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FASB releases standard on joint ventures

August 23, 2023

The Financial Accounting Standards Board finalized a new standard Wednesday for joint venture formations aimed at providing more useful information to investors on the venture's financial statements and curbing differences in practice on the financial reporting.

The new accounting standards update applies to the formation of entities that meet the definition of a joint venture (or a corporate joint venture) as defined in FASB's Accounting Standards Codification Master Glossary. Joint ventures are already defined in the glossary, but until now there hasn't been any specific guidance in the codification on how a joint venture, upon formation, should recognize and initially measure the assets that have been contributed and liabilities assumed in the venture, including the assets and liabilities of the businesses contributed. 

Instead, U.S. GAAP explicitly provides that transactions between a corporate joint venture and its owners are outside the scope of Topic 845, Nonmonetary Transactions, and the formation of a joint venture is outside the scope of Topic 805, Business Combinations. Without any specific guidance to rely on, practitioners has been influenced by various sources, including speeches given by staff on the Securities and Exchange Commission.

As a result, there has been diversity in practice on how a joint venture should account for the contributions it receives when it's formed. Some joint ventures initially measure their net assets at fair value at the formation date, while others initially measure their net assets at the venturers' carrying amounts.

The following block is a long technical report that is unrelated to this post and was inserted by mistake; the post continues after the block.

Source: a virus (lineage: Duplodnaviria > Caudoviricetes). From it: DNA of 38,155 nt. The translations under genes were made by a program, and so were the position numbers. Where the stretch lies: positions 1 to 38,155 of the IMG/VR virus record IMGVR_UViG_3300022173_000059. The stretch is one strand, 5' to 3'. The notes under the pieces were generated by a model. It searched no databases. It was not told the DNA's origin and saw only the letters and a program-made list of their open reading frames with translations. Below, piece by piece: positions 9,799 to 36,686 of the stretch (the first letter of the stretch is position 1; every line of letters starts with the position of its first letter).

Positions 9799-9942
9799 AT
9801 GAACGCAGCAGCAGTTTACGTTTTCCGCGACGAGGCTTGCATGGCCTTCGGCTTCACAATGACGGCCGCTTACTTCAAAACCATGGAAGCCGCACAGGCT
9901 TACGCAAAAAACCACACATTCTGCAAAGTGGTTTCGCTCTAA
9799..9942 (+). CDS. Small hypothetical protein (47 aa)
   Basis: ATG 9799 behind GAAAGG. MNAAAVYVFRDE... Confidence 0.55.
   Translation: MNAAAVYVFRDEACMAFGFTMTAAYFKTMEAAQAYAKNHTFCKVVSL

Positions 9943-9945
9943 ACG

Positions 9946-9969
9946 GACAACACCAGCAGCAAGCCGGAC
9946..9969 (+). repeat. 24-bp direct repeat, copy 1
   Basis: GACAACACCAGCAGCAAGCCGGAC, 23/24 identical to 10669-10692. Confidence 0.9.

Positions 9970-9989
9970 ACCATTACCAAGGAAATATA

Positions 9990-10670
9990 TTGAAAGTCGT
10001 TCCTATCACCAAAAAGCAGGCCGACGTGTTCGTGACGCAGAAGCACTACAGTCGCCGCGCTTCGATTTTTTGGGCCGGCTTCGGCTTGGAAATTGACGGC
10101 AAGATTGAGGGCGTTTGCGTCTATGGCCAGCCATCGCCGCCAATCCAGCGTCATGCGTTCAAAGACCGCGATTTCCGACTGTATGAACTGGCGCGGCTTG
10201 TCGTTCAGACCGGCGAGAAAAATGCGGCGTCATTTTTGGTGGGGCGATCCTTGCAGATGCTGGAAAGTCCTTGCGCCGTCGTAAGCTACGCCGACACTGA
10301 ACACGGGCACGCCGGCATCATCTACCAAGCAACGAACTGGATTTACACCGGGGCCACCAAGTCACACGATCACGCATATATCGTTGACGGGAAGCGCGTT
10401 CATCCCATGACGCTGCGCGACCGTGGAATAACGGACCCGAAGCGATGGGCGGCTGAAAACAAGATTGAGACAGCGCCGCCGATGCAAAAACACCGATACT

"To reduce diversity in practice and provide decision-useful information to a joint venture's investors, the Board decided to require that a joint venture apply a new basis of accounting upon formation," said FASB. "By applying a new basis of accounting, a joint venture, upon formation, will recognize and initially measure its assets and liabilities at fair value (with exceptions to fair value measurement that are consistent with the business combinations guidance)."

FASB noted that the amendments in the update don't amend the definition of a joint venture or a corporate joint venture, the accounting by an equity method investor for its investment in a joint venture, or the accounting by a joint venture for contributions received after its formation. 

The amendments take effect prospectively for all joint ventures with a formation date on or after Jan. 1, 2025, but early adoption is allowed. In addition, a joint venture that was formed before the effective date of the update can elect to apply the amendments retrospectively if it has enough information.

The amendments in the update aim to provide decision-useful information to a joint venture's investors and reduce diversity in practice. FASB has come under pressure to be more responsive to the needs of investors, especially after a report by an SEC Investor Advisory Committee last year (see story). Last week, FASB released an investor outreach report that said the board would undertake another consultation next year on its future agenda for new standards. 

"We take every opportunity to proactively seek input from investors on the financial reporting improvements that are most essential and expect to undertake another broad-based agenda consultation in 2024," said the report.

FASB did an agenda consultation in 2021 under FASB chair Richard Jones and added a number of new projects to its technical and research agendas last year (see story). They included projects on digital assets (later narrowed down to cryptocurrency), environmental credits and software costs. Also on the technical agenda was the project on joint venture formations.

[Accounting Today]

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